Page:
JLPT BC 36 | Starting from Scratch

Japanese Learning Starting from ScratchI’ve been podcasting now for a little over 6 months with 36 episodes under my belt.  I appreciate everyone that has tagged along for the trip.  I was wondering if I could ask you little bit of a favor though.

I’d like to know what you’d like to learn about and hear about on the podcast.  I have a lot of things planned for the next couple of weeks, but I’d like to customize the podcast as much as possible.  So, if you have some time (just a few minutes), could you fill out a little survey for me.  Thanks for your time and your support over the last 6+ months.

Starting from Scratch

This week, I want to say a few words about starting from scratch.  I think a lot of people have trouble starting out in a language.  It can be tricky to get a handle on the language.  Especially when we’ve been taught incorrectly how to learn a language in high school.

I especially had a rocky start.  I took a year of Japanese at a city college before I came to Japan.  I did my best to study and practice the sentences and words that we were going over in class and generally got good grades.  However, when I got to Japan, I felt like I could just barely speak the language.  I could hardly order something at McDonald’s.  I was a bit hopeless to say the least.

So, I kept up my studies of the language.  I diligently did my homework and listened to Japanese conversations.  I went through a silent period, which is what everyone is suppose to do right?  Well, that silent period just kept continuing despite being in Japan for 6 months.  And, I could still hardly make a hotel reservation.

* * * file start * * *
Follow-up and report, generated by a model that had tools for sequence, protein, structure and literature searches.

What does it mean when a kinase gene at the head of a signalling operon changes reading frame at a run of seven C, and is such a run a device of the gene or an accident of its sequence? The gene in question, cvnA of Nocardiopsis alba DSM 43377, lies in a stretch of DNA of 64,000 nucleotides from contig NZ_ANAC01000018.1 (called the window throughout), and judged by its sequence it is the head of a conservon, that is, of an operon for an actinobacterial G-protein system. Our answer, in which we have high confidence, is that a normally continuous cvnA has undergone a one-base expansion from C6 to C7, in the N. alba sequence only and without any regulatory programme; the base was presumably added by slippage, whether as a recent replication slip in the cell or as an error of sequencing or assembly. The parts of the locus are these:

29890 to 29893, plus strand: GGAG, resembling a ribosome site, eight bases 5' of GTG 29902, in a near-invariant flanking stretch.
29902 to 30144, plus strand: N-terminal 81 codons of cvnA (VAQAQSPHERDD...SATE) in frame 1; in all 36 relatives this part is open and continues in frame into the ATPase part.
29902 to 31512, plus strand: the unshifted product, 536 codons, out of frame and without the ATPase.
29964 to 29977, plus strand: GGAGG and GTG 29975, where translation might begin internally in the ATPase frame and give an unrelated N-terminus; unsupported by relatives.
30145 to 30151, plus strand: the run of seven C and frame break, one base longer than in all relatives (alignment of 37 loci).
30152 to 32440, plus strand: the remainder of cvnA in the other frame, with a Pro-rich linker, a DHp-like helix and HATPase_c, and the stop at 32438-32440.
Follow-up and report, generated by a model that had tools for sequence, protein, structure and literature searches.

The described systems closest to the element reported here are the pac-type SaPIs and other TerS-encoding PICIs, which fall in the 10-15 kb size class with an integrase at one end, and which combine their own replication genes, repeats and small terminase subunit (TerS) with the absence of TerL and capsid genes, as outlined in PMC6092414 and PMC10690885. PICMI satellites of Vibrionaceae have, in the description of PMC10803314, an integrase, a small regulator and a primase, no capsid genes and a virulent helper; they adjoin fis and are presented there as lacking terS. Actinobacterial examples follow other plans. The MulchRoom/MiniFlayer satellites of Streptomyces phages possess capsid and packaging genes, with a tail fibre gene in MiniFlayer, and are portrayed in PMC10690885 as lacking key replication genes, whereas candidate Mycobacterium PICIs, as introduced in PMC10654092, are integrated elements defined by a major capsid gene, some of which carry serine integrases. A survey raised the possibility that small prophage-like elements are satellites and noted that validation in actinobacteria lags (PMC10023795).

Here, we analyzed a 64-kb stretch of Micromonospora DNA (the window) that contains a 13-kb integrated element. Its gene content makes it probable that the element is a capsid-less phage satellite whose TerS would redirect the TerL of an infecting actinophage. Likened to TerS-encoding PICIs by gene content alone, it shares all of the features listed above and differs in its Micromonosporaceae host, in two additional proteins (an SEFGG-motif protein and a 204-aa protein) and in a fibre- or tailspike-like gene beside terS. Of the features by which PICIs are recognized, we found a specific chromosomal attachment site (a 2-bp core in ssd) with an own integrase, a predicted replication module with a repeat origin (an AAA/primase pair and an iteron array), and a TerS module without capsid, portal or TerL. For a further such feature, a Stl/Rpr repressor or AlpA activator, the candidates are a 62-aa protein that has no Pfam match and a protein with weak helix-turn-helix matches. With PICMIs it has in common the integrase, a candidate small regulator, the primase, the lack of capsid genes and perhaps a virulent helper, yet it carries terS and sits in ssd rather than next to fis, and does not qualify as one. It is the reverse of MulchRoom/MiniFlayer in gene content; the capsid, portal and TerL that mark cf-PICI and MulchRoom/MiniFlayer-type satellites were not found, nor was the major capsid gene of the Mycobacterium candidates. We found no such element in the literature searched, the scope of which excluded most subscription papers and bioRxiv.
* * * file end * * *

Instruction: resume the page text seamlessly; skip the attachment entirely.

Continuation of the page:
My co-worker recommended a tutor and I immediately started my tutor sessions with her.  It really started opening things up for me.  I started getting conversation practice and being able to test out the new vocabulary and grammar that I learned.  It really helped.

Note that I said tutor and not a class.  Classes are good for some people, they are social; you can get a lot of practice with a lot of different people; there are other students that ask questions that you don’t think about.  But, classes may not be for everybody.  You might make solid progress just with a tutor instead.

How to Hit the Ground Running

If I had to start all over again, I would probably learn kana as soon as I could.  Knowing how to read the language natively (the way it is suppose to be read) is invaluable.  It can help you do more reading and will give you a jump start because you’ll be able to read some things in Japanese.

A good book to help you learn kana in about 3 hours (yes, it actually only takes about 3 hours) is Remembering the Kana (US Amazon).  I used this book and completely eliminated the need for boring drills.  Between this and Kanji Pict-o-Graphix (US Amazon) I mastered all the kana pretty quickly.

After learning kana, I would get three things, a grammar book of some kind, a phrase book, and some listening material.  The grammar book, I would use as a reference and learning tool.  I’d work through it slowly and not make it my primary thing to study from.  You need grammar, but you don’t need to overdo it.  Also it’ll be handy if it has an index of some kind so that you can easily look up grammar points that you encounter.